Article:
When Blenheim couple Pat and Pam Heagney heard the jury verdict "guilty" in the High Court at Wellington this afternoon, they dissolved into loud sobs and the tears took a long time to stop flowing.
For almost two weeks the pair have sat patiently through the trial of Kevin King, former co-owner of the bar from which their son, Matthew, was ejected to his death.
King, who later moved to Christchurch, denied manslaughter but in the space of four hours a jury of nine women and three men returned with the result the Heagneys wanted to hear.
"We're stoked, but it doesn't bring Matt back," said an emotional Pam Heagney outside the court.
Still mopping his eyes, Pat Heagney added: "It's a good result. It has just made it clear people cannot do that" - meaning bar owners and security staff broke the law if they threw patrons out with excessive and unjustified force.
Matt Heagney was 24 when 50-year-old King put the mechanic in a headlock from behind. He and two inexperienced bouncers then threw the limp victim outside the door of the Shapeshifters pub in central Blenheim.
The back of Matthew's head hit the concrete footpath and he was pronounced dead a few hours later from severe head injuries.
It was the stuff nightmares are made of: Mr and Mrs Heagney were woken by a 3.30am telephone call from police telling them the eldest of their three children had been hurt in a bar incident.
"We thought it was a bump on the head, nothing serious, and that we would just take him home," said Mrs Heagney.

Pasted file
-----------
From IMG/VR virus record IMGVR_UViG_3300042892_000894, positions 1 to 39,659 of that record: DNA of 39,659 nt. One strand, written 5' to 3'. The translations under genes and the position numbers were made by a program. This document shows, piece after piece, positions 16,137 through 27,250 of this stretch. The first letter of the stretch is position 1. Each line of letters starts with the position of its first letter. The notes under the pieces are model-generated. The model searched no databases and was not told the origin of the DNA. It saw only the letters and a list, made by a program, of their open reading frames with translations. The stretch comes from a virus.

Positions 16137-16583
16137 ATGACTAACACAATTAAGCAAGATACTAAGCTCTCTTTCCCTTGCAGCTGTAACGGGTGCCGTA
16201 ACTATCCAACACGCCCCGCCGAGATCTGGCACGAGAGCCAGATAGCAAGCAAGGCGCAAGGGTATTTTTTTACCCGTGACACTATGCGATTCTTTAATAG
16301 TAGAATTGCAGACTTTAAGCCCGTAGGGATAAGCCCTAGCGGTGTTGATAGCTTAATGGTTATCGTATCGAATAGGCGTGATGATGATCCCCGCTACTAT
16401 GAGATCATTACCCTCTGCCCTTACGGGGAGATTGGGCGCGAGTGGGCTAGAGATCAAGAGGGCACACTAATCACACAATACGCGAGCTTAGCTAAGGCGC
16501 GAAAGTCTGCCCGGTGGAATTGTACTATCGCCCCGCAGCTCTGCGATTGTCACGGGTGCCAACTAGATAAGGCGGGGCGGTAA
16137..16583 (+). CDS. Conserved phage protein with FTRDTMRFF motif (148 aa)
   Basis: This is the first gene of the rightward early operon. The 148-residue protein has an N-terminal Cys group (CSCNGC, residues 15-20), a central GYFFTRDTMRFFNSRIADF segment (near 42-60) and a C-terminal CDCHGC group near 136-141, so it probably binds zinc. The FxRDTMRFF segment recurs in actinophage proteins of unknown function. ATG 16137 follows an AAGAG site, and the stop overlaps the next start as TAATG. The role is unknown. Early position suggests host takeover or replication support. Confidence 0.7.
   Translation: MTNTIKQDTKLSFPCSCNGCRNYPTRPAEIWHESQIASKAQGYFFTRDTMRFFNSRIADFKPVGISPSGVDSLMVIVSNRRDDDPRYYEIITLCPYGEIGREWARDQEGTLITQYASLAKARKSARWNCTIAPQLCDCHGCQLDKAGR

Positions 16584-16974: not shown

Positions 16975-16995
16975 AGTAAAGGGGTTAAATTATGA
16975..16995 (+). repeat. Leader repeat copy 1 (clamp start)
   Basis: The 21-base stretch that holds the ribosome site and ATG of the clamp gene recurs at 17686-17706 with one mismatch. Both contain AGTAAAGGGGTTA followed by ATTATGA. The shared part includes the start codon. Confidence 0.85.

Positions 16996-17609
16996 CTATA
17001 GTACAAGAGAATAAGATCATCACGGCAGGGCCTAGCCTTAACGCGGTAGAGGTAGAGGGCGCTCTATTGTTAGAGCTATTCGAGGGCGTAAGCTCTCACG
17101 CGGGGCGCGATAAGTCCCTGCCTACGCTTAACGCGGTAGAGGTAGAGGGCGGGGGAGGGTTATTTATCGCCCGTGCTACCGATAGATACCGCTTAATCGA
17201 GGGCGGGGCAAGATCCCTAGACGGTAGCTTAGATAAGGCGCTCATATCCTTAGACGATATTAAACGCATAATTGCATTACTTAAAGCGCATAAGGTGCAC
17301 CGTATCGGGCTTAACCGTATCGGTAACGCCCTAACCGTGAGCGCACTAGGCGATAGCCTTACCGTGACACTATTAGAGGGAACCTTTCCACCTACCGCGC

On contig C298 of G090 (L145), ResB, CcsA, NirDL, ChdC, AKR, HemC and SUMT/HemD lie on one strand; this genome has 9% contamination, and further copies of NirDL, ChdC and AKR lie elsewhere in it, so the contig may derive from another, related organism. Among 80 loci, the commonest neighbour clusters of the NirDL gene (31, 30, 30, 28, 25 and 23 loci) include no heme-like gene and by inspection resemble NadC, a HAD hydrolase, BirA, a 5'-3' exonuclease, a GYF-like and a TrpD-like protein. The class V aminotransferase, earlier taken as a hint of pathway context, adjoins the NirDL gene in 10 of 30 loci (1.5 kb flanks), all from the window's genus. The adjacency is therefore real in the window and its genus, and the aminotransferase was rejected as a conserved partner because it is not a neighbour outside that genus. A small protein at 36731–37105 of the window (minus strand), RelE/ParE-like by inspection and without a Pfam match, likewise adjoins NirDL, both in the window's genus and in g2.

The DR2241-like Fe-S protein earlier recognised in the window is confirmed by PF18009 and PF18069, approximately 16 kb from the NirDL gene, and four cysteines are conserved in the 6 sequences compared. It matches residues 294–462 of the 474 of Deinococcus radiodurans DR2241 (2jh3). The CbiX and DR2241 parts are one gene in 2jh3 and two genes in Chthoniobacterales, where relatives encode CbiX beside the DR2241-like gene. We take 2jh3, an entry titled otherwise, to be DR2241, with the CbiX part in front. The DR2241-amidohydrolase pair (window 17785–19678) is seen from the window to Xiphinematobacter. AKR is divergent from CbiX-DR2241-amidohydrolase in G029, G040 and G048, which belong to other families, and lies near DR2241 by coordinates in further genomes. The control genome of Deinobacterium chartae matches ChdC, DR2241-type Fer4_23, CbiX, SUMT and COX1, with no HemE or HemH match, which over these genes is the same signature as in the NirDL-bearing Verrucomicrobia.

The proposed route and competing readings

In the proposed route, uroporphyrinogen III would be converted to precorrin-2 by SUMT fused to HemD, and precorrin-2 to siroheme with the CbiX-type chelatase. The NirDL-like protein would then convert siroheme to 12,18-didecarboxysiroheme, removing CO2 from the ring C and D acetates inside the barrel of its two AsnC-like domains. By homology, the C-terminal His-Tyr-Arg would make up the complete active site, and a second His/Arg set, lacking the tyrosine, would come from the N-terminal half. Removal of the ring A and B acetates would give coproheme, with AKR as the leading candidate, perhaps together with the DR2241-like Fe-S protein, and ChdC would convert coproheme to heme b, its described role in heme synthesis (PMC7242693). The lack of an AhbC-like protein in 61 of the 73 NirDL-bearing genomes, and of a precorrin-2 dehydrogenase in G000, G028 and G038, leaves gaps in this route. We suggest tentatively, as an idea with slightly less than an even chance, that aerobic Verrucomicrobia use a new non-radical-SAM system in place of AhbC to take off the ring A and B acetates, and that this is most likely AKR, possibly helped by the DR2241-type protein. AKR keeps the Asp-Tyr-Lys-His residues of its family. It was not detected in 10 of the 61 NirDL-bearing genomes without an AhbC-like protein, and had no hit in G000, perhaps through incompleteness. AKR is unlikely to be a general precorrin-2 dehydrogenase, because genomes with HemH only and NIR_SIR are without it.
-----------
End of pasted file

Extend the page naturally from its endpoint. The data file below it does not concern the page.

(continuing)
But when they arrived at Blenheim's Wairau Hospital police officers were waiting outside Accident and Emergency.
"That panicked us," Mr Heagney recalled.
Inside, the grim faces of medical staff told the story - things were "very bad" in those early hours of August 23, 2009.
In shock, Matthew's parents clutched at straws.
"But there was basically no hope. We obviously pleaded with them to do something - anything - to save him," Mr Heagney said.
"They said it was too late."
The unconscious young man - described as having been happy, healthy, popular, generous, ambitious, a keen sportsman - died. Surgery or other medical intervention would not have helped, his parents learned later when they were torturing themselves with the "what ifs".
About 1000 people attended Matt's funeral held in a large marquee at his parents' home. They miss him "so much" and siblings Abby, 22, and Ryan, 18, who also attended the trial, along with some of Matt's friends were "doing it hard," the Heagneys said.
After going to university in Palmerston North for a year, then studying in Christchurch, Matthew came back to Blenheim.
"He just wanted to be home" and joined the family transport company, Heagney Brothers.
Their son, had bought a house which he was renovating, and had plans to acquire a second property. He played rugby, raced cars with his Dad (they built one together), went to the gym every day before work, enjoyed mountain biking, jet skiing and camping.
Now they can only hope no one else's child dies as Matthew did.
Mr Heagney has written to numerous authorities in a bid to get tougher rules to safeguard pub patrons and more thorough training introduced for hospitality staff.
So far his pleas appear to have fallen on deaf ears, with government and industry officials apparently sitting tight until after the trial of Kevin King.
Today's conviction may help motivate improvements, the Heagneys said.
"I hope the industry will take a good look at itself now. Other people have been killed (in similar fashion) and nothing was done," said Pat Heagney.
If action was taken, "at least my son's death won't be in vain."
A relation of Kevin King said after today's verdict that he was stunned. The man, who would not give his name, said supporters were extremely disappointed at the trial's outcome, which could see the 50-year-old jailed for manslaughter when he is sentenced early next year.
- NZPABy Rosaleen Macbrayne for NZPA